From data to insights: Predicting workout types in Strava with Elasticsearch and data frame analytics
This is the seventh and final blog post in our Strava series (don’t forget to catch up on the first, second, third, fourth, fifth, and sixth)! I will take you through data onboarding, manipulation, and visualization.
What is Strava, and why is it the focus? Strava is a platform where recreational and professional athletes can share their activities. All my fitness data from my Apple Watch, Garmin, and Zwift is automatically synced and saved. If I want to get an overview of my fitness, getting the data out of Strava is the first step.
Predict the Strava type
There is one additional set of features available in the machine learning space in Elastic, and this one is known as Data Frame Analytics.
We want to run a Classification Job. Based on the values of the documents, we want the model to tell us if this is a Ride, VirtualRide, Hike, Run, Yoga, or something entirely else.
We first need to define the dependent variable, often known as y. Leverage the summary index again and set it to strava.type.
After that, it will autoselect all possible fields in the index. We don’t want that, so we deselect all of them. I want the model to determine the type correctly by using distance and elevation gain only. Give it a name, and let it run!
Let us go through the following page step by step. I know there is a lot to unpack.
Beginning at the top, we see an exciting matrix with green-shaded numbers. This is the Normalized confusion matrix for the entire dataset. This provides a summary of the performance of the classification analysis. The actual labels are displayed on the left side, and the predicted labels are on top.
In our case, hike & hike has 100% accuracy. 4% of all rides were identified as hikes, and 6% even as runs, or worse, an additional 6% as walks. This allows us to identify issues with our model quickly.
The Receiver operating characteristics (ROC) curve is a standard tool in statistical analysis to interpret. The ROC curve represents the classification process's performance at different predicted probability thresholds. It compares the true positive rate (y-axis) for a specific class against the false positive rate (x-axis) at the various threshold levels to create the curve. From this plot, the area under the curve (AUC) value can be computed, a number between 0 and 1. The closer to 1, the better the algorithm performance.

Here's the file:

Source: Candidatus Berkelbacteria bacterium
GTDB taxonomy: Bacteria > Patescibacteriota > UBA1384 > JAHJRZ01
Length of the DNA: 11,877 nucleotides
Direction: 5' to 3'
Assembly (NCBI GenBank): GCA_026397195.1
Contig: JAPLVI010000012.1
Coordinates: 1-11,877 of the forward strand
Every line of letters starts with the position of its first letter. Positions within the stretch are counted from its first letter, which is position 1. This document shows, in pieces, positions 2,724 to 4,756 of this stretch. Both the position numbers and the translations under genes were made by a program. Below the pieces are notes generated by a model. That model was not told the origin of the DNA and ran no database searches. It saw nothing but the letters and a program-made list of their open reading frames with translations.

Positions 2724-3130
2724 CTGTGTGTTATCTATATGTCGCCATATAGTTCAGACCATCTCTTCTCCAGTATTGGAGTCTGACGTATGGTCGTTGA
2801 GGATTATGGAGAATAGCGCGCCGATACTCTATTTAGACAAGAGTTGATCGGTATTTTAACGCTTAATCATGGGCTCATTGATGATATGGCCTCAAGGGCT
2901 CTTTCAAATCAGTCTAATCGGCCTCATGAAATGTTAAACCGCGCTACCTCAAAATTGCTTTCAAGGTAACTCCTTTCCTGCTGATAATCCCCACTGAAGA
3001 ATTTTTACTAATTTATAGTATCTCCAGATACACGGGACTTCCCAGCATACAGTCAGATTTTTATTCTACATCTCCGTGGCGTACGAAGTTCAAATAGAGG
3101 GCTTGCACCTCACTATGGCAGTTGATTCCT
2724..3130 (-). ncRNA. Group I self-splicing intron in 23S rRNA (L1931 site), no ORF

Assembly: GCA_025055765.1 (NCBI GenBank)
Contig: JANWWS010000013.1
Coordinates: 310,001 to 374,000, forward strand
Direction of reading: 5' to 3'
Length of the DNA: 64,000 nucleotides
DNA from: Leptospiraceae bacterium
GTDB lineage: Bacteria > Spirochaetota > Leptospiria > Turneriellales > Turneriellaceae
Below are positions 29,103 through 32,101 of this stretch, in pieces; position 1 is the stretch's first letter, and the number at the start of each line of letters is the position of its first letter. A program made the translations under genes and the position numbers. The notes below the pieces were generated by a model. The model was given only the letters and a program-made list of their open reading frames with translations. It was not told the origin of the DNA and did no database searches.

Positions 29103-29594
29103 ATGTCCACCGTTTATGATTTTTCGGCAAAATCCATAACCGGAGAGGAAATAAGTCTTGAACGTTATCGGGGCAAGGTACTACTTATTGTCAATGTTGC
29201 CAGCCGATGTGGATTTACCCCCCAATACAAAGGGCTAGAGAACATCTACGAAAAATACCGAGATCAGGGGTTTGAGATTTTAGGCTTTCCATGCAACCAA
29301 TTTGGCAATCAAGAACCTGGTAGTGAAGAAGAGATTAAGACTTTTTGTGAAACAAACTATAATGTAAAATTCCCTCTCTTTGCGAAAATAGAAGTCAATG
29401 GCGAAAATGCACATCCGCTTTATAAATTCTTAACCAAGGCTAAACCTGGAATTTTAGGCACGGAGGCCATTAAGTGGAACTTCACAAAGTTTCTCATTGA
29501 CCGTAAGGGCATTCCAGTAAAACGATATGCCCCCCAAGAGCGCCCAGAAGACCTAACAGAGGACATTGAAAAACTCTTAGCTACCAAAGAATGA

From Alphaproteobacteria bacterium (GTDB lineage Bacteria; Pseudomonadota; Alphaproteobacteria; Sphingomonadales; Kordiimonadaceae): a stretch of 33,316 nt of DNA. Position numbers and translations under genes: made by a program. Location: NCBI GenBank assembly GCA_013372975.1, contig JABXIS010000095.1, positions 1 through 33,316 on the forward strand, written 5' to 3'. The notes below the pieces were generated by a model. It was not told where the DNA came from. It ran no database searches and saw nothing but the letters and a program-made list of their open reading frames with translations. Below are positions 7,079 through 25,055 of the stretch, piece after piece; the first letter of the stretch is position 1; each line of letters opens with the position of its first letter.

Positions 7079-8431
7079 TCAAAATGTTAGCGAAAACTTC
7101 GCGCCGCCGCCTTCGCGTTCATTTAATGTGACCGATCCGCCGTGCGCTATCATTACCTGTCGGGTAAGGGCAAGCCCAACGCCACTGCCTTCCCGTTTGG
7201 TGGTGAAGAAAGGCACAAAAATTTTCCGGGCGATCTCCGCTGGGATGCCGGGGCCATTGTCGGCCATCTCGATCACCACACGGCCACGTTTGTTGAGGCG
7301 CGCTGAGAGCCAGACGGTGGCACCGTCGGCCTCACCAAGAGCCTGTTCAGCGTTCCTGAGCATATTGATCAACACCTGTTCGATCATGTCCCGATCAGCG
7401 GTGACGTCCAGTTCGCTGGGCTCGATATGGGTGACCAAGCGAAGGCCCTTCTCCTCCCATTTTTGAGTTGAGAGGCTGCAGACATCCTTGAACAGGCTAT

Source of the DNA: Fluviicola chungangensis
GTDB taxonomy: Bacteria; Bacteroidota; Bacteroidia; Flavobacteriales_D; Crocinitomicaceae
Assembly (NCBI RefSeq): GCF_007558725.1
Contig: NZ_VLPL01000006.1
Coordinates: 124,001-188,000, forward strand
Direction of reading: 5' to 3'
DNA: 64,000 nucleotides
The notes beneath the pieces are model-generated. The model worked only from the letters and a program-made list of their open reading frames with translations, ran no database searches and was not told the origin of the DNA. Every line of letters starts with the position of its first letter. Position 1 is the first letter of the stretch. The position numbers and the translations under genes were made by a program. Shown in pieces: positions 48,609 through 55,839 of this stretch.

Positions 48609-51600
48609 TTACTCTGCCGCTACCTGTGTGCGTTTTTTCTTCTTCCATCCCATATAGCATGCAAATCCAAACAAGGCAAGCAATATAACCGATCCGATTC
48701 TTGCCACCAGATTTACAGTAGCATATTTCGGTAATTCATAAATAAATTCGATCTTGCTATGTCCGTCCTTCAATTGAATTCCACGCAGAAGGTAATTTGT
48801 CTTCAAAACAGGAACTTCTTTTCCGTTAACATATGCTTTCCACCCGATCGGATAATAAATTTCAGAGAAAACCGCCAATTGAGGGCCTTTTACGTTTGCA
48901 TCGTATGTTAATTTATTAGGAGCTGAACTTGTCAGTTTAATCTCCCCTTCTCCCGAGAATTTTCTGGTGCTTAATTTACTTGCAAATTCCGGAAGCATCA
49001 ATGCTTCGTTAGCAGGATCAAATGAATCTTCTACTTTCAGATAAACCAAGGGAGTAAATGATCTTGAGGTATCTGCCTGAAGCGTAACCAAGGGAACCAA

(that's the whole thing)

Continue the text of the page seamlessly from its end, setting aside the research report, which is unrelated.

The total feature importance is a helpful tool in understanding the model, and this clearly shows that just the distance heavily sways the model.
The scatter plot analysis shows us the distribution of the values on a scatter plot. It’s useful for visually understanding if a group of values is close together and could significantly influence the model's decision.
Last is the results page, telling us what type the model assumed and what the actual type is. I don’t mind if the model cannot identify between VirtualRide and Ride since both are bike options, but classifying a walk, while in reality, it is a bike ride, is just wrong.
We can see that with the two variables, our Job is more hit-and-miss than actual valuable insight.
Create a new classification, and take the same steps as before. This time we add two more variables. Elapsed time and velocity. I think elapsed time will heavily influence the decision, and the velocity might help identify the difference between VirtualRide and Ride, since, on Zwift, my overall speed is higher than riding outdoors.
The scatter plot looks much more promising and exciting.
Yes! I was right. The feature importance clearly shows that elapsed time is now a significant factor. Velocity and elevation gain are nearly equally important, while distance decreased in significance.
This is a beautiful ROC curve, and there is nothing more to add than changing from two to four impactful variables made a huge difference.
We achieved quite a bit in this blog post, and you can start exploring your data now! Don’t forget to check out our book Machine Learning with the Elastic Stack.
Check out the other posts in this Strava series:
- Part 1: How to import Strava data into the Elastic Stack
- Part 2: Analyze and visualize Strava activity details with the Elastic Stack
- Part 3: Get more out of Strava activity fields with runtime fields and transforms
- Part 4: Optimizing Strava data collection with Elastic APM and a custom script solution
- Part 5: How tough was your workout? Take a closer look at Strava data through Kibana Lens
- Part 6: Unlocking insights: How to analyze Strava data with Elastic AIOps